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Rhabdomyolysis from Statin Use

Rhabdomyolysis is a potentially dangerous side effect of statin use, and among the most well known (and feared) of side effects. It was largely associated with cerivastatin, which has been withdrawn from the market, although it can result from other statin medications.

Rhabdomyolysis is quite rare, but very serious, so it is one of the things to look out for when a patient starts using statins. People suffering from this side effect sometimes feel muscle pain or tenderness and may feel weaker. The breakdown of muscle is actually manifest in the patient's urine, which is often visibly a different color - darker. Even if the breakdown products, called casts, are at low levels, a chemical analysis of the urine can identify them. Analysis of the urine and blood will show high levels of the muscle protein myoglobin in patients with this condition. The term "myoglobinuria" is used to indicate when myoglobin is in the urine. A large meta-analysis of statin studies concluded that out of every 10,000 patients who take statins, only 3 will get rhabdomyolysis.

Muscle cells – called myocytes – rely on small regulatory proteins for maintenance and it is thought that statins reduce the levels of those proteins. This is why myoglobin and other muscle breakdown products accumulate in the bloodstream. Another biomarker in the blood that indicates muscle breakdown is the enzyme creatine kinase. Normal levels of creatine kinase are under 50 iU/liter. Rhabdomyolysis can raise the levels to many times that level.

Rhabdomyolysis is easier for healthy people to weather than those with other problems. If someone has liver or kidney problems the breakdown of muscle fiber will cause even worse effects. People with hypothyroidism and diabetes likewise have problems and some medications can make the rhabdomyolysis worse.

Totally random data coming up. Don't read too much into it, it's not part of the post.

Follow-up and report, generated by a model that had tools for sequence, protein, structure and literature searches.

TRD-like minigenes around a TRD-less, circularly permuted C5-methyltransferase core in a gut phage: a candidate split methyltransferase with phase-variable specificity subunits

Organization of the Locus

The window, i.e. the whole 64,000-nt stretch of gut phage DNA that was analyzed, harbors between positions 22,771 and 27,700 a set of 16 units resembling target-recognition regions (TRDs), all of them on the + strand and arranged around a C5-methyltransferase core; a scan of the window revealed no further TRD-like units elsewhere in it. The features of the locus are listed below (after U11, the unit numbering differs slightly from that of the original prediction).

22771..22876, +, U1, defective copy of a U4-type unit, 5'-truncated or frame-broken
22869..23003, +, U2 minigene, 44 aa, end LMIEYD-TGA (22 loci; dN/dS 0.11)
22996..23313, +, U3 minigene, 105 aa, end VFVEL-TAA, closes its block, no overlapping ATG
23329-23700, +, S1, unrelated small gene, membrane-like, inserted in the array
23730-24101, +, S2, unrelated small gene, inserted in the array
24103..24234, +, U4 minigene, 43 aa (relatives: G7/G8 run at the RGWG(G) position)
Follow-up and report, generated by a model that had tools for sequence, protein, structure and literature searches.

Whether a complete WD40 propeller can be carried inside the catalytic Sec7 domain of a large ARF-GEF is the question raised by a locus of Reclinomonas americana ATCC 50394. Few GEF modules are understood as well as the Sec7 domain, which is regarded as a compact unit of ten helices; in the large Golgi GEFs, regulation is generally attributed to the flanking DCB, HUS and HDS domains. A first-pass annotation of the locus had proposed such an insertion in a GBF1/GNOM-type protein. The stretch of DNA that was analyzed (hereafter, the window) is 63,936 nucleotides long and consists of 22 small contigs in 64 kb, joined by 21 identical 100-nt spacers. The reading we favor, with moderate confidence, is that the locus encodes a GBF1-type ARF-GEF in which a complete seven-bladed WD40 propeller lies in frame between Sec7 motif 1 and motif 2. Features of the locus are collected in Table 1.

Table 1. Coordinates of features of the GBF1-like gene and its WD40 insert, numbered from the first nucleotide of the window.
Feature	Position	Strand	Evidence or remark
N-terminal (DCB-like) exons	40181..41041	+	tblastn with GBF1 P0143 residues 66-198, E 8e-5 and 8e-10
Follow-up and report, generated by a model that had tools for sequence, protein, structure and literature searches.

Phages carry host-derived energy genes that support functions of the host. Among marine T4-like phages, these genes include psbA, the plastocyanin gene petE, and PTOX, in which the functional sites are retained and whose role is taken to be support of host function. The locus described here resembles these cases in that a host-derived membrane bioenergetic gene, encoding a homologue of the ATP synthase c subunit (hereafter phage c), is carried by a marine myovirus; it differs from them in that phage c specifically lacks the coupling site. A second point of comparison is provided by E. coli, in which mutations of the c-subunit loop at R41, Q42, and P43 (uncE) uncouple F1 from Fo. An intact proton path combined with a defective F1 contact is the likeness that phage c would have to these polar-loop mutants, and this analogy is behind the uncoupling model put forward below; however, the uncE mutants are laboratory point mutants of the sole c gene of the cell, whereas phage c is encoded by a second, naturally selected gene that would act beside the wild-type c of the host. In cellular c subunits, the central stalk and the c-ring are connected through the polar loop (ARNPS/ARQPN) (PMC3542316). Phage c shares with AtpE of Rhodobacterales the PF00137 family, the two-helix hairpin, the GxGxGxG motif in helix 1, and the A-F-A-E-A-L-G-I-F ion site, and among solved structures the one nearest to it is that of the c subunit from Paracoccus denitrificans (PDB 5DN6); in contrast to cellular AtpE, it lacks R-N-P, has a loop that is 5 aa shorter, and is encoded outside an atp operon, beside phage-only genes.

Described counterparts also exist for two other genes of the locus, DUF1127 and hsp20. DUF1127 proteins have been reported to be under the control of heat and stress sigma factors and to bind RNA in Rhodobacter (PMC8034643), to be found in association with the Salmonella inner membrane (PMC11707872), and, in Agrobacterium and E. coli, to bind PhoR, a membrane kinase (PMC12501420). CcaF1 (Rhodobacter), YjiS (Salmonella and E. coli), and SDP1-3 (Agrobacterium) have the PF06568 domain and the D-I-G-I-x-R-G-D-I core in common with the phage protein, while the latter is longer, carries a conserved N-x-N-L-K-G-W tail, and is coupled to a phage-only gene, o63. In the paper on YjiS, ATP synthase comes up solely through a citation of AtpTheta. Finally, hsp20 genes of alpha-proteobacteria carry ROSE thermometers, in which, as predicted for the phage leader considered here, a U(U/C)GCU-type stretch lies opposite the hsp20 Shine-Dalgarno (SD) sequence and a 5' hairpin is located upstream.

Other drugs taken in conjunction with statins can increase the risk of rhabdomyolysis, so it is important that your doctor know exactly what medications you are on. These include niacin, which some people with high cholesterol take as a supplement and which when used with statins can increase the risk. When fibrates are used with statins, the risk for rhabdomyolysis goes up considerably. Some patients with high cholesterol also take a fibrate and one danger of taking a statin with a fibrate is that the statin does not break down inside the body as fast as it would and consequently builds to a higher concentration. This makes the likelihood of muscle breakdown and rhabdomyolysis increase. Researchers have found a genetic predisposition to rhabdomyolysis risk from statins, which partly explains why certain people get this problem and others don't. Older patients are also more susceptible.

There is a relationship between the dose and the risk of this disorder. Quitting the statin use usually stops rhabdomyolysis and leads to full recovery.